By Sandra Wekesa @AndayiSandra
Her huge bump and constant illness makes it easy for anyone to think Benta Akoth is pregnant. But Benta was not pregnant, far from it. In fact, her ‘baby’ was a huge growth in her womb that wrecked her marriage and motherhood dreams. It also did a number on her confidence.
Her teens entailed constant checkups, but nothing really revealed what was wrong, especially when it came to her menstrual cycle. “The sensation was foreign and made it hard for me to sleep or even rest on my side. I went through a bevy of possibilities: appendicitis, blocked bowels, gallstones kidney stones but none of all those were diagnosed after numerous tests,” she says.
The routine: falling sick, visiting a doctor, taking prescription medicine, slowly started overwhelming her.
“I was tired of taking medication, so I had to look for another way to stop the pain. The medication wasn’t helping at times, as the bleeding was so heavy, that it affected my work. At this time of the month, I couldn’t eat anything, I kept throwing up every time I attempted to,” she recalls, adding that the extreme pain she experienced made it difficult for her to have sexual intercourse.
An ultrasound revealed she had fibroids, which occupied the most part of her uterus. Fibroids are non-cancerous growths of the womb. Also known as leiomyomas or myomas, they often appear during child-bearing years. These growths range in size, can appear in various parts of the uterus, and are usually undetectable in many women.
Unfortunately for Akoth, she is among the women who suffer acute symptoms including heavy menstrual bleeding and pelvic pain. The doctors discovered that she had both internal and outer fibroids, measuring 12.38 by 8.89cm and 6.82 by 4.59cm respectively, meaning that there was no space for a baby to grow if Akoth got pregnant.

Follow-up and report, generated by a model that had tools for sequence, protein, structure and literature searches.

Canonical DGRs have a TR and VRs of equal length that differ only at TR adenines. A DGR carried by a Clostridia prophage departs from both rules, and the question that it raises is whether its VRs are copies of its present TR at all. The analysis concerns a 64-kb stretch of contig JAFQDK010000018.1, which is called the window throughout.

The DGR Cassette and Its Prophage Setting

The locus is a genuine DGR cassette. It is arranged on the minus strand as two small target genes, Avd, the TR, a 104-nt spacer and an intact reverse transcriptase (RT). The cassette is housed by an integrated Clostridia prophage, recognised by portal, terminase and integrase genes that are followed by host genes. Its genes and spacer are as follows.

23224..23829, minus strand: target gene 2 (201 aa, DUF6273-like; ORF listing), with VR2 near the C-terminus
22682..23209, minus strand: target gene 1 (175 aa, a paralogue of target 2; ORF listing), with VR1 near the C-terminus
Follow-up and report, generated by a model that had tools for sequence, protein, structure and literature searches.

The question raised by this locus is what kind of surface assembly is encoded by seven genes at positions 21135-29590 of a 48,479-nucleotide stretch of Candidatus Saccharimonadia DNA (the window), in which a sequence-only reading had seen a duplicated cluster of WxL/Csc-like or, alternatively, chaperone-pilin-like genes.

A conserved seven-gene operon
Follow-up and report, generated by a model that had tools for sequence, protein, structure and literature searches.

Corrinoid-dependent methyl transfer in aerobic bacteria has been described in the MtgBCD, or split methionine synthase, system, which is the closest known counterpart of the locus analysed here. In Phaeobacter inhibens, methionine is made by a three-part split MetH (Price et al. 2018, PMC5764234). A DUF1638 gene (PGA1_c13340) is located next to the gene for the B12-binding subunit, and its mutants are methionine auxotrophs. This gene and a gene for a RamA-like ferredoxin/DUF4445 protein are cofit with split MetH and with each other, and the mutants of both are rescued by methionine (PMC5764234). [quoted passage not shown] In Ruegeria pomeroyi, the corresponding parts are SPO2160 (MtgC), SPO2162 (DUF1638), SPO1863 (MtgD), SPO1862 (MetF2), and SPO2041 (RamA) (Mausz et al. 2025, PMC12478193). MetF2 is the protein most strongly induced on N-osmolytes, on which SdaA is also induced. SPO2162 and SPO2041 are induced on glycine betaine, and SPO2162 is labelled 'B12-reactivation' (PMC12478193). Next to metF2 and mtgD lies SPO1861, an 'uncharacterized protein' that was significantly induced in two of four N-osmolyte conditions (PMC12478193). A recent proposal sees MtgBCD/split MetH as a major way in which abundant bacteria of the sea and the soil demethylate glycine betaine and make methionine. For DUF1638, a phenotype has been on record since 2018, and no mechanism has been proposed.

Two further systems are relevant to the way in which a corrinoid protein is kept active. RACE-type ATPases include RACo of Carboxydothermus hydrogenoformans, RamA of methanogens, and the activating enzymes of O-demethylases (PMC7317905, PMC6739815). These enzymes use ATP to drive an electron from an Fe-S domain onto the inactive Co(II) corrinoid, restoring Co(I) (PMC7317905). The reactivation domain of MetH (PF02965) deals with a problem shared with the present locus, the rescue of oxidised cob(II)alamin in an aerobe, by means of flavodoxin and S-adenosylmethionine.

When she decided to seek medical advice, doctors asked her to consider hysterectomy—the partial or total removal of the womb. It was not an option for the 39-year-old woman who had hoped for non-surgical treatment that would save her womb and allow her to have children.
According to research, women aged 18-50 are prone to getting fibroids. Globally, one in five women happen to have fibroids—with black women two or three times likely to have them — and about 80 per cent of women develop fibroids by the time they are 50.
Although the cause of fibroids is still unknown, high-level of estrogen is one of the factors. This is why most doctors may recommend a healthy lifestyle.
Dr Ravjit Sagoo, an international radiologist at Aga Khan Hospital, says often, fibroids do not cause any harm to the body and can be left without any form of treatment because they tend to shrink naturally after menopause. However, if they cause harm, it is best to start treatment early enough.
“Often most women don’t treat fibroids because they are not harmful to their health,” he says, adding that although for long the treatment has been through surgery, development in the medical field has made it possible for knifeless procedures to be conducted.
One of these methods is the Uterine Fibroid Embolisation (UFE). Dr Sagoo says with this procedure, a patient has to be sedated before a tiny cut is made on the skin, usually on the left wrist. The radiologist then passes a catheter through this cut into a blood vessel, until it reaches the vessel supplying blood to the uterus and fibroids.
A special substance is then injected to block the blood vessels to deprive the fibroids of nutrients. All this is visible on an X-ray screen. Dr Sagoo adds that patients are discharged a day or even a few hours after the procedure.